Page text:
May 5th marks the celebration of World Hand Hygiene Day! A campaign initiated by the WHO; World Hand Hygiene Day promotes proper hand hygiene for a multitude of reasons. According to the CDC, in 2020 about 2.3 billion people did not have access to basic hygiene services while another 1.6 billion people had access to handwashing spaces that lacked water and/or soap. Understanding that proper hand cleansing is a surefire way to preventing the onset of illnesses, such as the common cold and flu, makes it all the more important to be aware of how to do it properly. With that, we’ll be sharing our guidance to proper handwashing to keep yourself and your loved ones healthy.
1. When to wash your hands
Given that extremely frequent hand washing can lead to dry, irritated skin, it is important to understand the situations in which you need to wash your hands to avoid irritation. The key times in which you are likely to contract and spread germs are: during food preparation, while eating, after caring for someone ill, while treating a wound, after using the bathroom, after touching and handling an animal, after touching garbage, and after blowing your nose/coughing. If you’re planning on doing any of these, it is important that you wash your hands before/after these events to ensure minimal germ spread.
2. Necessary materials
The materials necessary for washing your hands are straightforward. You need clean, running water of any temperature, soap, and something to dry them with. These 3 components are what aid in successful handwashing regimens. Wetting your hands before you apply soap allows for easier lathering and scrubbing.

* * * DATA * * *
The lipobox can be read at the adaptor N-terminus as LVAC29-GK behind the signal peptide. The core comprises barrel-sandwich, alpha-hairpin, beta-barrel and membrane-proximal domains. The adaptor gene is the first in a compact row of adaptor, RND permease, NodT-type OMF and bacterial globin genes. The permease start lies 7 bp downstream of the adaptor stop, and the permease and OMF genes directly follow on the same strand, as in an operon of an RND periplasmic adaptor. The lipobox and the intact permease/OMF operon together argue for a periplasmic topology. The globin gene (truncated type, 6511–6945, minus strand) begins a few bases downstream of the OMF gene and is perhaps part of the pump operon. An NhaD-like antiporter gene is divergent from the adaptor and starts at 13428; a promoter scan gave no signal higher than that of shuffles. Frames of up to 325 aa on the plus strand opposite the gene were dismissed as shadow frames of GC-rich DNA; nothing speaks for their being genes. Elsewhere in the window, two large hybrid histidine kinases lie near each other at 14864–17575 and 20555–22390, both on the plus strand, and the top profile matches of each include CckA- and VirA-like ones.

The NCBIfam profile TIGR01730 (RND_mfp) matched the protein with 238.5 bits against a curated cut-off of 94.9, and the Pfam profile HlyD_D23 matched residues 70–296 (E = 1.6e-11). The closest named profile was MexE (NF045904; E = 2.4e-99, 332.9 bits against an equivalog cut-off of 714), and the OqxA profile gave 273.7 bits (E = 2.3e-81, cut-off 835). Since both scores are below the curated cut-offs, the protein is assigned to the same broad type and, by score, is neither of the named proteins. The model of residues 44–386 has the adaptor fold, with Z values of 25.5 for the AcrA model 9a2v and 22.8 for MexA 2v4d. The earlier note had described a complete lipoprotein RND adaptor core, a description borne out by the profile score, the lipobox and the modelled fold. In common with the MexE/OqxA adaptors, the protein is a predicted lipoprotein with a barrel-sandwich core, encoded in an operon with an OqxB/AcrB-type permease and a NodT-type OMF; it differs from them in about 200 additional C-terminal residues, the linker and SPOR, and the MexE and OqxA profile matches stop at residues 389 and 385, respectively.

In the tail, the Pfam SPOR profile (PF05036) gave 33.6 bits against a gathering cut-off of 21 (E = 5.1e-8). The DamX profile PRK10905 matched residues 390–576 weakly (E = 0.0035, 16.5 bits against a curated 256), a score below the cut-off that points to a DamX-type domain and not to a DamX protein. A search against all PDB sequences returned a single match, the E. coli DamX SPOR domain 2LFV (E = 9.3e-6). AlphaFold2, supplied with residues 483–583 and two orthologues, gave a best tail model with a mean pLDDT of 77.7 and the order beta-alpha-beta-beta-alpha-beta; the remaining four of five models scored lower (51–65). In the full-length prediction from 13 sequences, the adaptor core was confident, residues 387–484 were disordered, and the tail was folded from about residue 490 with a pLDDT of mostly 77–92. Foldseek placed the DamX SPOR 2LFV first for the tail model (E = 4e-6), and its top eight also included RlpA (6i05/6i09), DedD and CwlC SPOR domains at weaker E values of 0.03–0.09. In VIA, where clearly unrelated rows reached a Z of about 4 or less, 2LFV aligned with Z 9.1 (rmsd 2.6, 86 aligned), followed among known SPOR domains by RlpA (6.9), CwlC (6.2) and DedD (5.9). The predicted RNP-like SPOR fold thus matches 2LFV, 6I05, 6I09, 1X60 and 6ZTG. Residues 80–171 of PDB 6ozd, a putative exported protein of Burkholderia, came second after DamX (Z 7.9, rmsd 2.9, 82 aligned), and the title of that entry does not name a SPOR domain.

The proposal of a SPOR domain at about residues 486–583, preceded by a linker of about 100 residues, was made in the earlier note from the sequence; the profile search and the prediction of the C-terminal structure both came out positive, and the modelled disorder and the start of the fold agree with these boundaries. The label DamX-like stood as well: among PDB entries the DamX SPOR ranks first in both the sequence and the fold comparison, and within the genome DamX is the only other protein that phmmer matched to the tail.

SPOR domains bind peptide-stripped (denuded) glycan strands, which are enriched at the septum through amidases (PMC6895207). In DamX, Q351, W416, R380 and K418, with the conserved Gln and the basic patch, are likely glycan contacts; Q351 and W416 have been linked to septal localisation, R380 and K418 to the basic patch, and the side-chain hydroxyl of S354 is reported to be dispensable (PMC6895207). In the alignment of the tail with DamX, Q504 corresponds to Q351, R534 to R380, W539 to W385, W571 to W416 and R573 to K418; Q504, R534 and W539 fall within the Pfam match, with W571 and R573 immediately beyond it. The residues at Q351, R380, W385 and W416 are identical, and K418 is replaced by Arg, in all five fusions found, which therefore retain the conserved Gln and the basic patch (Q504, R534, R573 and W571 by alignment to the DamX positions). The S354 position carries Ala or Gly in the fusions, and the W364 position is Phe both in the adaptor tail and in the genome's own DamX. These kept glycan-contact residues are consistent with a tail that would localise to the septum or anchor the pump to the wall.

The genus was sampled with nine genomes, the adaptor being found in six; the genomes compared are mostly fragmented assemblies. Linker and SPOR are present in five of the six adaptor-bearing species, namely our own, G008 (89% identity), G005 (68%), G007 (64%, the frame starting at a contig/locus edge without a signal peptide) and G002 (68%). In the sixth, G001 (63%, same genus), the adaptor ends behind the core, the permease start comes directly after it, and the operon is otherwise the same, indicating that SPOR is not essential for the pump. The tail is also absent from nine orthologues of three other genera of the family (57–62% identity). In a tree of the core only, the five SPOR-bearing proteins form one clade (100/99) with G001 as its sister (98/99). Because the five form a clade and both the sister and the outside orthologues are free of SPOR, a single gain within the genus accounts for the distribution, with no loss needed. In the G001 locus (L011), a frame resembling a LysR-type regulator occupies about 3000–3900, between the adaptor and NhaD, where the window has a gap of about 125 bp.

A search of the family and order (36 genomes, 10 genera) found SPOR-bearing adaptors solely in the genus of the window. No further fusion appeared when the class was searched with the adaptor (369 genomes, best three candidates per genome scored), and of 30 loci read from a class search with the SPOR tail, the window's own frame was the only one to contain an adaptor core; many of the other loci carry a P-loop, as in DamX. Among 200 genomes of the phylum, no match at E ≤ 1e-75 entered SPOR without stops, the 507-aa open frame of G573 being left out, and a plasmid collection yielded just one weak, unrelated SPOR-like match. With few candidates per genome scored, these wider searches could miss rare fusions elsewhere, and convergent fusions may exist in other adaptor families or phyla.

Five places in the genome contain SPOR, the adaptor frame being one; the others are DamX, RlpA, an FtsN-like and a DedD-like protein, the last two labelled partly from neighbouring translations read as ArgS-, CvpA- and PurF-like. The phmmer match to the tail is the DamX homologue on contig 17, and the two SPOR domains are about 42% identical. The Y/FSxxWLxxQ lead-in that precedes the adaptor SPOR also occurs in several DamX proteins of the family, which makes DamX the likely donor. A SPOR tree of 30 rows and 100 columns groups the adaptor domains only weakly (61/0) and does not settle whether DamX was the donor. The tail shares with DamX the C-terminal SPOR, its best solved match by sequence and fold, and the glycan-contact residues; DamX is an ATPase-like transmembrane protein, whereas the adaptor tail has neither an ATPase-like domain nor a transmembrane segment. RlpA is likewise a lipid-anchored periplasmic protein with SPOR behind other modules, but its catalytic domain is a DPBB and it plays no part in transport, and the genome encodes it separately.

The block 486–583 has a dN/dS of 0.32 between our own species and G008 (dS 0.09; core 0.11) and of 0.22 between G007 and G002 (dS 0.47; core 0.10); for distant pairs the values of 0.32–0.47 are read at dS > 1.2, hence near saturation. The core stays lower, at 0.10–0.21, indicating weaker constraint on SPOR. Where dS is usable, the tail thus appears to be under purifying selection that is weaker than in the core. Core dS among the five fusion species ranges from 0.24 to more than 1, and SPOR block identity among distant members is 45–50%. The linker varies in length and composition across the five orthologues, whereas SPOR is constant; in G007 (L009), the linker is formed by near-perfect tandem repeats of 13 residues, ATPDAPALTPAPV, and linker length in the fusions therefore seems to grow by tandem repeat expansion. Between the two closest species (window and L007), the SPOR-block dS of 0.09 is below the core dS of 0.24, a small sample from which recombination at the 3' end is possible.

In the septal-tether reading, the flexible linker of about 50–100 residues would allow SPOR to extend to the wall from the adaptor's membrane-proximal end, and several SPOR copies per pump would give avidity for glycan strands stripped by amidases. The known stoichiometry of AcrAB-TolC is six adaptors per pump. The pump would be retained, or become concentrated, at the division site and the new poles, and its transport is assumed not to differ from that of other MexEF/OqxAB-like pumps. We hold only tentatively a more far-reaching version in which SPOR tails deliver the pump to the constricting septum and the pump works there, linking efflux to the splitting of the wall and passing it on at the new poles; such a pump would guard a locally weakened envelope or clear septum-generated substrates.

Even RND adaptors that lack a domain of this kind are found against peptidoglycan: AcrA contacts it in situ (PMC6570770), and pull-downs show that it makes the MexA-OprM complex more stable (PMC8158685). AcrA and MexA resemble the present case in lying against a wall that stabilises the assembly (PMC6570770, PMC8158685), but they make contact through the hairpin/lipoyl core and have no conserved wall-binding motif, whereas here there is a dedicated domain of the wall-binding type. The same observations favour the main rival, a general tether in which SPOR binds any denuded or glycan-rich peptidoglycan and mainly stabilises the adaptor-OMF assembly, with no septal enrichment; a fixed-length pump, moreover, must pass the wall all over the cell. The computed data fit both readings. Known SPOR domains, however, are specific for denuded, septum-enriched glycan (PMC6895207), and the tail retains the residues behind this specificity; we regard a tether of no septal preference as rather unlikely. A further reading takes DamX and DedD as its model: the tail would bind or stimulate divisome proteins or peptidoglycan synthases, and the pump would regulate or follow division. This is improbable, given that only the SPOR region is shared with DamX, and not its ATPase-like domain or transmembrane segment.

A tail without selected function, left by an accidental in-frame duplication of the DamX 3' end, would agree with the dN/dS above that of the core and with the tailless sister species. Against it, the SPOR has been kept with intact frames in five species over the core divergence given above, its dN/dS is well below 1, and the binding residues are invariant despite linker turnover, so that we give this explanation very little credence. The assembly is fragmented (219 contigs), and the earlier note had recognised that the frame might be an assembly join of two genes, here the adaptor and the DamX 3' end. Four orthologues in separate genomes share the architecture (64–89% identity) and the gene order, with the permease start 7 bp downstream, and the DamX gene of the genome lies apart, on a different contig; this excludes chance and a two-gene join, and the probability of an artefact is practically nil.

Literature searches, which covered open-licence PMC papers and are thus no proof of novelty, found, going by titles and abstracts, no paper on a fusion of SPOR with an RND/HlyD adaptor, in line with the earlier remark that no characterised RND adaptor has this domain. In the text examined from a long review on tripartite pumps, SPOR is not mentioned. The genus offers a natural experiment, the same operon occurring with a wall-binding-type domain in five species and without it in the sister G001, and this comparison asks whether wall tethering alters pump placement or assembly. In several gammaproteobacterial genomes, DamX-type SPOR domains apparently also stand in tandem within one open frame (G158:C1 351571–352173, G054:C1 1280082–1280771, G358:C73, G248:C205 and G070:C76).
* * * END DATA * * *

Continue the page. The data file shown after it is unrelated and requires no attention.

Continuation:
3. Scrubbing patterns
Though the materials themselves are important, it is also important that you take the time to scrub your hands. Scrubbing your hands for at least 20 seconds will help remove any germs/bacteria. The important places to lather on include the back of your hands, between each finger, and underneath your nails. Doing so ensures that you haven’t missed a single spot and are fully sanitizing your hands.
4. Drying method matters (a little bit!)
There are two means to which you can dry your hands after washing: 1) using a clean towel or 2) air drying. While the latter seems to be the more environmentally friendly option, using a clean towel/paper towel allows for additional mechanical removal of any germs. When possible, aim to dry your hands with a clean towel to ensure best germ removal.
Another option to consider when it comes to cleaning your hands is hand sanitizer. When soap and water aren’t available, using an alcohol-based hand sanitizer that contains 60% alcohol is the best course of action. Remember though, hand sanitizers don’t get rid of all types of germs and may not be the most effective when hands are visibly dirty/greasy. To learn more about how you can promote better handwashing hygiene, visit https://www.cdc.gov/handwashing/when-how-handwashing.html